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February 26, 2016     cib    

Many Dutch local governments are struggling with the implementation of the Sustainable Development Goals (SDGs), despite their high motivation to contribute to them. This is one of the conclusions from the research into the meaning and implication of the Sustainable Development Goals (SDGs) for Dutch local governments conducted by Kaleidos Research, in collaboration with VNG International.

The transition from the Millennium Development Goals to the SDGs has led to a global agenda that is clearly related to issues of local governance. As a result, the ‘Agenda 2030’ confronts Dutch local authorities with questions about their role and responsibilities in the implementation of these ‘global goals’.

 

Conclusions in short

The SDGs are relatively well-known amongst local governments in The Netherlands. There is an enthusiasm to contribute in a pragmatic, practical matter, but also a strong need for support, increased mandate and legitimacy. Furthermore, there seems to be a lot of potential to engage citizens on the, for them, most relevant level of governance.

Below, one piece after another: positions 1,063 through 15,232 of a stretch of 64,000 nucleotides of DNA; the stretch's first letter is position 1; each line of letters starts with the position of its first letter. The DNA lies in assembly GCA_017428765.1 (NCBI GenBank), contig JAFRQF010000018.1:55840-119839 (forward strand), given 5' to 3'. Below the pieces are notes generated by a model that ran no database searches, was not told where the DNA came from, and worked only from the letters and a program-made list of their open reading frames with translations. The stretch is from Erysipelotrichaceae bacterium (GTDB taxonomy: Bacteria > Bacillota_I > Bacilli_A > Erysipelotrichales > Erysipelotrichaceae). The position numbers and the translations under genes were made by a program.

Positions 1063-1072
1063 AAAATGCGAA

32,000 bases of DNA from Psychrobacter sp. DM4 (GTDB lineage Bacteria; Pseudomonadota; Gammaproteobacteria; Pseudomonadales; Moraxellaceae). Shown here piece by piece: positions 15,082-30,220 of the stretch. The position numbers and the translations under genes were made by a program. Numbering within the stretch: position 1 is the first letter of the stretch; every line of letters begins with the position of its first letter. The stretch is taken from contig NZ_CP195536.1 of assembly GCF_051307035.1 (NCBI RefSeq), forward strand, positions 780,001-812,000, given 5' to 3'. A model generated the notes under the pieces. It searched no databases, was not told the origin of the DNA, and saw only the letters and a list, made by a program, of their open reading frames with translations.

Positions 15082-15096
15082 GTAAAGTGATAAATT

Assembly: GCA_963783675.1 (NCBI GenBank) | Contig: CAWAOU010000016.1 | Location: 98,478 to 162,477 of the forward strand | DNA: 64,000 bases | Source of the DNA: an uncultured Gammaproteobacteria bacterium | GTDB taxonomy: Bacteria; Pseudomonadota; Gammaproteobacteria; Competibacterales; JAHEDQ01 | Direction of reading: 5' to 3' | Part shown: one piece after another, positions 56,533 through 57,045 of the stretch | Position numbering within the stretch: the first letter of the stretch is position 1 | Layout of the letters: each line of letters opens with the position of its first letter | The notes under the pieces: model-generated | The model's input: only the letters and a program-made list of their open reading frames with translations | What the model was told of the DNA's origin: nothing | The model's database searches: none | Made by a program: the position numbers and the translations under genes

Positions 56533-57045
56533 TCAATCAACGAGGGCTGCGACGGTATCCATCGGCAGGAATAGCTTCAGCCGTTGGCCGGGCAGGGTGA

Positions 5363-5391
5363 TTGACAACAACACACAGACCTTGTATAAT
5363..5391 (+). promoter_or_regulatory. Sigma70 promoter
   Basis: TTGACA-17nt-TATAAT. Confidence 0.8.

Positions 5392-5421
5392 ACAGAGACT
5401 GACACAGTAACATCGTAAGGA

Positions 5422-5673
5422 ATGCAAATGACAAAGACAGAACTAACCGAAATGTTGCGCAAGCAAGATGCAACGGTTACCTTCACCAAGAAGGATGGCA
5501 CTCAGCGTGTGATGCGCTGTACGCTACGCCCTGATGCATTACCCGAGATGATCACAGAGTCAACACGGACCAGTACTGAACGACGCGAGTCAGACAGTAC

Governance challenges related to the SDGs

Many local governments indicated that they face governance challenges when implementing these goals. These challenges include lack of political support, lack of clear mandate from the central (national) government and unclear division of roles and responsibilities. Secondly, the SDG framework and the UN process are perceived as abstract and complex, complicating matters further. Last, public communication and awareness are large bottlenecks since there is no centrally coordinated SDG communication.

Suggestions and practices for local implementation

The discussion paper presents several suggestions and practices for local implementation, including regional collaboration and multi-stakeholder action. Local governments can bring local groups, networks and organisations that work on international  and sustainability issues together to stimulate contribution to the SDGs. It might be helpful to include competition elements to stimulate local efforts that support SDGs. Furthermore, it is suggested to frame the governments’ contribution to the SDGs as an effort to help solve global challenges. This way, politicians might be interested to embrace the agenda and to explain the policy publicly.

For more information and suggestions for local implementation, please refer to the discussion paper of Kaleidos Research.